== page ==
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Inspirational mural by artist Hans Gilsdorf, recently installed at Detroit Lakes High School commons, was a collaborative effort

An extremely large, visually striking mural now graces the new commons at Detroit Lakes High School, courtesy of local artist Hans Gilsdorf. But the 8x48-foot mural, titled "The Laker Ripple Effect," actually serves a dual purpose: It was printed on the fabric used for acoustic panels installed by local firm DOW Acoustics, Inc., to help control the sound inside the commons. The oversized printer used for the project was provided by another local business, Trophy House, and the high-resolution digital image used for the process was the work of local photographer Jack Davis.

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Detroit Lakes artist Hans Gilsdorf took this selfie with the new mural he created for the commons area at Detroit Lakes High School after completing the installation on Monday, Nov. 29. The mural, titled "The Laker Ripple Effect," was inspired by a quote from renowned children's rights advocate Marion Wright Edelman. (Submitted photo)

Though "The Laker Ripple Effect," the new inspirational mural now gracing the commons at Detroit Lakes High School, is signed by local artist Hans Gilsdorf, the project was actually a collaborative effort by local businesses, school board members and artists.

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The original concept drawing from artist Hans Gilsdorf for his new public mural project, "The Laker Ripple Effect," which was installed in late November at the Detroit Lakes High School commons. (Submitted photo)

"Many people worked on it," Gilsdorf said in a recent interview.

While he painted the original artwork used for the mural, there is no paint to be found anywhere on the twelve, 8x4-foot panels comprising the public art piece.


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This giant 8x48-foot mural was installed in the Detroit Lakes High School commons in late November. The mural was conceived by artist Hans Gilsdorf, who painted a scale model of the project before it was printed using equipment provided by The Trophy House of Detroit Lakes. The mural serves a dual purpose: It was printed on acoustic panels supplied by DOW Acoustics, Inc., and is thus used to absorb sound in the large, open space of the commons. (Submitted photo)

"They are acoustic panels," Gilsdorf explained, adding that the application of paint to the fabric would have impaired the sound-absorbing function of the panels.

So instead, Gilsdorf painted a significantly scaled down version of the mural, which was then photographed in high definition by local photographer Jack Davis.

The digital image was then blown up to 8x48-foot size and printed onto the fabric of the acoustic panels, using an Avery direct-to-surface printer supplied by The Trophy House of Detroit Lakes.

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This large-scale printer was used by The Trophy House to print the mural image onto a series of 12, 4x8-foot panels supplied by DOW Acoustics, Inc. The mural was created by local artist Hans Gilsdorf and installed in the commons of Detroit Lakes High School. (Submitted photo)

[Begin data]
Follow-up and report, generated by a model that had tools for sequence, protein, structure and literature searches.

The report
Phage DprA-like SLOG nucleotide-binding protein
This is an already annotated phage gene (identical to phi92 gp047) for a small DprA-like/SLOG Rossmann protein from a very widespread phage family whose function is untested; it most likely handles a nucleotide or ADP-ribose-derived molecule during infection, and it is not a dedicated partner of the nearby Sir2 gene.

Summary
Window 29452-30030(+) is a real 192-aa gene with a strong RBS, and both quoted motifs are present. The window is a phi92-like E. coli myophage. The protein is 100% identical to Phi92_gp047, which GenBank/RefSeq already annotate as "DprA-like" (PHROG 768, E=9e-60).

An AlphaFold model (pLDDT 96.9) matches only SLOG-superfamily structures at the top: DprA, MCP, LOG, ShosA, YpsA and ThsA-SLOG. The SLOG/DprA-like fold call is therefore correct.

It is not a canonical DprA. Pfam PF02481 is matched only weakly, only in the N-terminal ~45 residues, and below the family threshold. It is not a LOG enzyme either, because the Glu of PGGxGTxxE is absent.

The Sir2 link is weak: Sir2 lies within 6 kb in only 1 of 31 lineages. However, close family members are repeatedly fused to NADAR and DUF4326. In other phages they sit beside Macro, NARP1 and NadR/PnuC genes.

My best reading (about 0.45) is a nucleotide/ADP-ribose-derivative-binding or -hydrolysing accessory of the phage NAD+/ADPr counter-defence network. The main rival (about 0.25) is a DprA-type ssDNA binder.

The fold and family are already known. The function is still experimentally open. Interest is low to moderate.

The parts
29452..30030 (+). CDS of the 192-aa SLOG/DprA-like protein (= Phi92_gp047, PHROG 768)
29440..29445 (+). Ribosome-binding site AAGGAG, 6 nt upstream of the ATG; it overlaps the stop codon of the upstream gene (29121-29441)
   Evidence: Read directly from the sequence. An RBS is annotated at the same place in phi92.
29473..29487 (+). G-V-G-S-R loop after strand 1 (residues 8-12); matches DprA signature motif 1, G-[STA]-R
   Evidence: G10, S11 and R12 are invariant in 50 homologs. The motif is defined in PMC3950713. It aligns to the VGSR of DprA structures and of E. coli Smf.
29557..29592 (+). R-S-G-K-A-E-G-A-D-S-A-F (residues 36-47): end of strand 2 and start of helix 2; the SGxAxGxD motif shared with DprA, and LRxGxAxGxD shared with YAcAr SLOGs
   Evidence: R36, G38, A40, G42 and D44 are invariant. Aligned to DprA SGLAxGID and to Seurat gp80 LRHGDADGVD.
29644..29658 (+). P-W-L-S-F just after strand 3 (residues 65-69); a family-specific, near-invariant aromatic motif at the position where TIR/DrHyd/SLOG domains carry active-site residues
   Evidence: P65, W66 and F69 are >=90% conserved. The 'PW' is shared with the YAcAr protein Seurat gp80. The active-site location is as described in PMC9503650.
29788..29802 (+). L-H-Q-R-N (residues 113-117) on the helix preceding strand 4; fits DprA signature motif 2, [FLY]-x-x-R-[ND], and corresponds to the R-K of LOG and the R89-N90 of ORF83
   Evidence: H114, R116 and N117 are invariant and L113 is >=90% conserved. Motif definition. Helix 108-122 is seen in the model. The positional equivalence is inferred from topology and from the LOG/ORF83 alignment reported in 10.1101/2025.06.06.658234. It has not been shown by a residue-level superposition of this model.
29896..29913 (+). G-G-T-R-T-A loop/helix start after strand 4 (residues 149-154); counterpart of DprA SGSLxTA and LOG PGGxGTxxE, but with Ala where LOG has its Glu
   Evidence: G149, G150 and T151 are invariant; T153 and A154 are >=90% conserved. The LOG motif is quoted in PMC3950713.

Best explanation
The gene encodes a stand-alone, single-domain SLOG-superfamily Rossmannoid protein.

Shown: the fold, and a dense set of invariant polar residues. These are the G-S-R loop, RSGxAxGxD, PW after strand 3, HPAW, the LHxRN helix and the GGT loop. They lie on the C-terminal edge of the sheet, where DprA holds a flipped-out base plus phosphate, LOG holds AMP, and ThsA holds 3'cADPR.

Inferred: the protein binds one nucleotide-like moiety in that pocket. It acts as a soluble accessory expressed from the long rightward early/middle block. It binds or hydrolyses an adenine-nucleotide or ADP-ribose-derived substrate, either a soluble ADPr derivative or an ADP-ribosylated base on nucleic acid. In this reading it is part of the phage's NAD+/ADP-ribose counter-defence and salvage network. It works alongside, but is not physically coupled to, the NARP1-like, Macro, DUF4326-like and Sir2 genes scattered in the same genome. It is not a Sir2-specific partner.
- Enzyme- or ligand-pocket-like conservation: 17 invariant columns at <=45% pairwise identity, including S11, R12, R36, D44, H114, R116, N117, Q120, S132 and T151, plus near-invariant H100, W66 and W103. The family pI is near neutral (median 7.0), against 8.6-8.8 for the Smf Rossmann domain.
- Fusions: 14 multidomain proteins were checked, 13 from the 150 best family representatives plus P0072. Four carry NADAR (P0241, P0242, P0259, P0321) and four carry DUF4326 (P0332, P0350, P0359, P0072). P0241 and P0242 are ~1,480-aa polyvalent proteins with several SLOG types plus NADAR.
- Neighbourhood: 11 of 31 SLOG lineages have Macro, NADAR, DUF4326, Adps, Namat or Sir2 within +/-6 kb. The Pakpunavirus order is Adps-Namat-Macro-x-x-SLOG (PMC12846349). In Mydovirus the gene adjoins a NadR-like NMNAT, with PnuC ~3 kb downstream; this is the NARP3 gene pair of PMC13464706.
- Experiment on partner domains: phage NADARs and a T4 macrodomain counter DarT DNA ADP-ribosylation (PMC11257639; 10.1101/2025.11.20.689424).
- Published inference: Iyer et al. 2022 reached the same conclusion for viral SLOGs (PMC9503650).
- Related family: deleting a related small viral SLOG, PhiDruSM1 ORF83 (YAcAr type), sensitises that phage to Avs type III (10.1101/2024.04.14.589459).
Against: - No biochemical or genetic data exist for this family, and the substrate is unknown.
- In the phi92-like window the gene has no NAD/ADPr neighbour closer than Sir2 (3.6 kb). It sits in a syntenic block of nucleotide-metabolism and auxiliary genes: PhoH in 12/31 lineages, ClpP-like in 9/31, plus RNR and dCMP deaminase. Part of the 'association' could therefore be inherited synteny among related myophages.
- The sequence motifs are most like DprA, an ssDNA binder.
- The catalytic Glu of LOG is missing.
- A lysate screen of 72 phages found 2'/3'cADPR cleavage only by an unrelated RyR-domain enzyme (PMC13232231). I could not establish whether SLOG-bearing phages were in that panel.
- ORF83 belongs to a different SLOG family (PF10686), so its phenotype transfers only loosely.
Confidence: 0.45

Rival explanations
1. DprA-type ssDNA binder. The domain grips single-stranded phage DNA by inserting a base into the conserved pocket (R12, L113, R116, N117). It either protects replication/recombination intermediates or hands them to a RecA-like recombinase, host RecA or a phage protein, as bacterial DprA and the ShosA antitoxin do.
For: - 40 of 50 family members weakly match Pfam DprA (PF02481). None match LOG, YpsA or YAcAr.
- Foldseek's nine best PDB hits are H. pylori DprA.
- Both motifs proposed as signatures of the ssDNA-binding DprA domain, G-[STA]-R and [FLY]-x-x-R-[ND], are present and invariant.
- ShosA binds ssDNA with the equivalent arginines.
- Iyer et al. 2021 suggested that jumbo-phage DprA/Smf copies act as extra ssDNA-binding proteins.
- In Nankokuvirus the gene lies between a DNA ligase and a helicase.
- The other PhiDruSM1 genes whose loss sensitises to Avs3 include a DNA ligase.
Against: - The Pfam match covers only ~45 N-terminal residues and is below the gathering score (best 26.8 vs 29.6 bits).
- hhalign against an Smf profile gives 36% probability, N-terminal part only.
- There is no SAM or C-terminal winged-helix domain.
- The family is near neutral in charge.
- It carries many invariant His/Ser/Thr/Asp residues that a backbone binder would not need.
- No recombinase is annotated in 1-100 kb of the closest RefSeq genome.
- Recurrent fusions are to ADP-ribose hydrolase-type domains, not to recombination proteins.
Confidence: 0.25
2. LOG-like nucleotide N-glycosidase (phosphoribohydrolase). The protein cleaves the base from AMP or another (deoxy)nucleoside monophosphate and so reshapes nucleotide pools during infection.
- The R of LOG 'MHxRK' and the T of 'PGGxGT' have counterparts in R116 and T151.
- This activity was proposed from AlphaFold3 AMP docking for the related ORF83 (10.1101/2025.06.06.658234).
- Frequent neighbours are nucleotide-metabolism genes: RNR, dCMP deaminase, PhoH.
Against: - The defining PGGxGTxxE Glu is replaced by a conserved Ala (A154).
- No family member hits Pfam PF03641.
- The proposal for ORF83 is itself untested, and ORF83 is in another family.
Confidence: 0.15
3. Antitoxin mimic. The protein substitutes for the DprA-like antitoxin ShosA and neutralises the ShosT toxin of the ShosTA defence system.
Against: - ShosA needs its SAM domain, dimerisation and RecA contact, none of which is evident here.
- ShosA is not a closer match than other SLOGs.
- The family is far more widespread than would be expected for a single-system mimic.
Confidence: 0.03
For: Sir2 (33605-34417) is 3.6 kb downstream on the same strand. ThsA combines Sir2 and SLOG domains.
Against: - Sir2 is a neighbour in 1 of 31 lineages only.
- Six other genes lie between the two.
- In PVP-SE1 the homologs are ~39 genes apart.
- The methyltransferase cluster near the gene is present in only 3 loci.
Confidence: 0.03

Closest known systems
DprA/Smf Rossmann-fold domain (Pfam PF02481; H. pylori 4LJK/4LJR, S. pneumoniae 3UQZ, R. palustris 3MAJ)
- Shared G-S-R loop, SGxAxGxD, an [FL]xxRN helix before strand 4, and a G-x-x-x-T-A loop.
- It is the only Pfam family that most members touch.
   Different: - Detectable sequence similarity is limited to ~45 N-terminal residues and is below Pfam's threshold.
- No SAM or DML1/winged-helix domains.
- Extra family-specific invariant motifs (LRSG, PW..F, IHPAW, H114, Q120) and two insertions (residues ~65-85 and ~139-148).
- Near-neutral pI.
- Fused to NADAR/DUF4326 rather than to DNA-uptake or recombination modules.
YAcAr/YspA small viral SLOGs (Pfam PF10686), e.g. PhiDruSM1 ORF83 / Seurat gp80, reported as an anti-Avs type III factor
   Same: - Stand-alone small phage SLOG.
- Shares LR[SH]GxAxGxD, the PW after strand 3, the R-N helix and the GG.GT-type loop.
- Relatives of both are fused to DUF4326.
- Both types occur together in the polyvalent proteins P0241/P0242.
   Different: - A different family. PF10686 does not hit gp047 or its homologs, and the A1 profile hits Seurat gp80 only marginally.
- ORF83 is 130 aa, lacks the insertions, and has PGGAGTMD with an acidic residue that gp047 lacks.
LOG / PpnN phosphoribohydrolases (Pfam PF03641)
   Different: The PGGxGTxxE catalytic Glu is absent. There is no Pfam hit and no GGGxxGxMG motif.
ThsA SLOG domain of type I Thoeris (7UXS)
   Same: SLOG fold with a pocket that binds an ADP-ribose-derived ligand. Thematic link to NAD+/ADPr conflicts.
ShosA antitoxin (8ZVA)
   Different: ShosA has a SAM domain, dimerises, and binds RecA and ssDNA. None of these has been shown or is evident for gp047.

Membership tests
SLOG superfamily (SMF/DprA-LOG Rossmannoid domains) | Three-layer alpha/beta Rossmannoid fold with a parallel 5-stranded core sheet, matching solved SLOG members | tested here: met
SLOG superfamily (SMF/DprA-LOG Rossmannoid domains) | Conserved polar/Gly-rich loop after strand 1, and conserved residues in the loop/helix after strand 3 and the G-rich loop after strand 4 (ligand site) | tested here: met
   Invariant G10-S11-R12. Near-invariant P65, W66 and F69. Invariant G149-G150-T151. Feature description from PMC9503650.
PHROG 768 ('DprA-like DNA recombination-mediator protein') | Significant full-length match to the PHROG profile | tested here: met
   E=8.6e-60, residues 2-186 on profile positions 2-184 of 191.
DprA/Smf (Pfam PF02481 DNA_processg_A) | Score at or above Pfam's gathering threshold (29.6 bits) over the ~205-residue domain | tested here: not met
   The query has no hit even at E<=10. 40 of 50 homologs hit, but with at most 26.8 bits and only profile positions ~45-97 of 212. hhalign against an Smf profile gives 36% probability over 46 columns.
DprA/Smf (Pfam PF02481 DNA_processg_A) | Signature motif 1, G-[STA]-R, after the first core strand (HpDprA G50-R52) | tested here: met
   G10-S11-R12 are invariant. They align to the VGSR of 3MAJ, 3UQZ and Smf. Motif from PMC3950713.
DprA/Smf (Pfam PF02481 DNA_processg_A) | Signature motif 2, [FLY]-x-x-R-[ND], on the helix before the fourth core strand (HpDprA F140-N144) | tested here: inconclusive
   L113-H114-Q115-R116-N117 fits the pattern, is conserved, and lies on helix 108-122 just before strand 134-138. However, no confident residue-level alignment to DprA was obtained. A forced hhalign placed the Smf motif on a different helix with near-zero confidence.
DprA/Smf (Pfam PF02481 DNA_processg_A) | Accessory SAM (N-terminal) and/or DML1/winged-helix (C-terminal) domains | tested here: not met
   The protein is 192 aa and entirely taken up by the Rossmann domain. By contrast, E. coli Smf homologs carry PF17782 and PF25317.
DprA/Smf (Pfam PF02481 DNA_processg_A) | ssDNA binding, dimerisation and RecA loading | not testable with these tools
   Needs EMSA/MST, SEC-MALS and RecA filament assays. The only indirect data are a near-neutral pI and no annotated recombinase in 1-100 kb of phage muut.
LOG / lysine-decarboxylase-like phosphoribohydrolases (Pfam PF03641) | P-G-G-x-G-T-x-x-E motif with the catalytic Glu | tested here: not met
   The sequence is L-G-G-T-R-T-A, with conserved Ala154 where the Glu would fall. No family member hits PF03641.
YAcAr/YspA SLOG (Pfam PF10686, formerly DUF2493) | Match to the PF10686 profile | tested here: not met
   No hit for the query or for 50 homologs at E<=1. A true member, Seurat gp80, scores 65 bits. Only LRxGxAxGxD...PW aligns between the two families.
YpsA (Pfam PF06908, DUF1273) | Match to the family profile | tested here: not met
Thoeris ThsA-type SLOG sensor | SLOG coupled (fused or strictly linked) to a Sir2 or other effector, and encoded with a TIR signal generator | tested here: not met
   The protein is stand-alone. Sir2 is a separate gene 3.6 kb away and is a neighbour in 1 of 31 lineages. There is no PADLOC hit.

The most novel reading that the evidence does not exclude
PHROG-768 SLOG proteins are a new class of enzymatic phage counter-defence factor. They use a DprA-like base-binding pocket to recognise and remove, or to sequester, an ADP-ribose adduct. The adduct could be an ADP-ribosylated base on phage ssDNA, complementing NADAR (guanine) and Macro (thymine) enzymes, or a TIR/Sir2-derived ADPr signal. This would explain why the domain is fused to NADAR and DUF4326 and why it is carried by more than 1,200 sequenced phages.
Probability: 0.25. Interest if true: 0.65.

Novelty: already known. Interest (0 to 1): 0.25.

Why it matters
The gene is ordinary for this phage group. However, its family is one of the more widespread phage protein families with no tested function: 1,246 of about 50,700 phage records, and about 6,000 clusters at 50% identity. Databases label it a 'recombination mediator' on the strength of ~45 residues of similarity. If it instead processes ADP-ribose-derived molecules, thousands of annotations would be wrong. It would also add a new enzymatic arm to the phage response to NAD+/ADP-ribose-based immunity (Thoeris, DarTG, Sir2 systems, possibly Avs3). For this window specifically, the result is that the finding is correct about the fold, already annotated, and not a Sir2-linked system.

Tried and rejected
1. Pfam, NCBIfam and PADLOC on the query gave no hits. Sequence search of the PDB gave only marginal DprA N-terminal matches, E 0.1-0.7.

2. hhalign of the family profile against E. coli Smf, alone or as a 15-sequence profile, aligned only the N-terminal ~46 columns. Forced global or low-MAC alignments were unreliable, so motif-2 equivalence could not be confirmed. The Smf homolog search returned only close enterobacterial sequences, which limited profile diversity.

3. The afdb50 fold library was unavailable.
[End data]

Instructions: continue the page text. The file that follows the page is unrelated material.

"It was challenging," said Trophy House co-owner Eric Tulius, who worked closely with Gilsdorf and Jim Wood, president of DOW Acoustics, Inc. (also based in Detroit Lakes), on the panel installation. "We spent hours fine tuning the colors and the overall look of the panels."


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This photo of a recently printed panel in the new Detroit Lakes High school mural, "The Laker Ripple Effect," was supplied by Eric Tulius of The Trophy House, who worked closely with artist Hans Gilsdorf to duplicate the color and appearance of the artist's original painting, which was recreated on a series of acoustic panels. (Submitted photo)

There were "multiple" test prints done, Tulius said; Gilsdorf noted that they had to experiment with several different types of acoustic panels before they found the right one.

In addition, Gilsdorf said, he and Jim Wood spent several more hours making sure that the panels lined up seamlessly to form the finished mural. The installation was done over the Thanksgiving weekend, with the finishing touches being completed on Monday night, Nov. 29.

Though the mural appears finished, Gilsdorf and Tulius both noted that there was one final piece to be added: A commemorative plaque inscribed with the quote from children's advocate Marion Wright Edelman that served as the inspiration for Gilsdorf's work.

The quote, "Education is for improving the lives of others and for leaving your community and world better than you found it," was suggested by Gilsdorf's wife, Mary Beth, who helped him come up with the concept after he was approached with the project last spring by Detroit Lakes School Board Chairman Amy Erickson and Superintendent of Schools Mark Jenson.


Gilsdorf noted that the school board left the concept for the art piece largely up to him, though they did approve the final design before he began work on it.

He said that the center of the piece is literally a small red heart, with the words "It Starts Here" printed below, and an image of Detroit Lake above it.

Surrounding that centerpiece is an image of the state of Minnesota, and around that, the globe, with the stars, moons and planets forming the solar system beyond that.

It's meant to depict Gilsdorf's message for DLHS students: "What you do, what you’re learning here in Detroit Lakes can take you anywhere you want to go — and beyond your wildest dreams."

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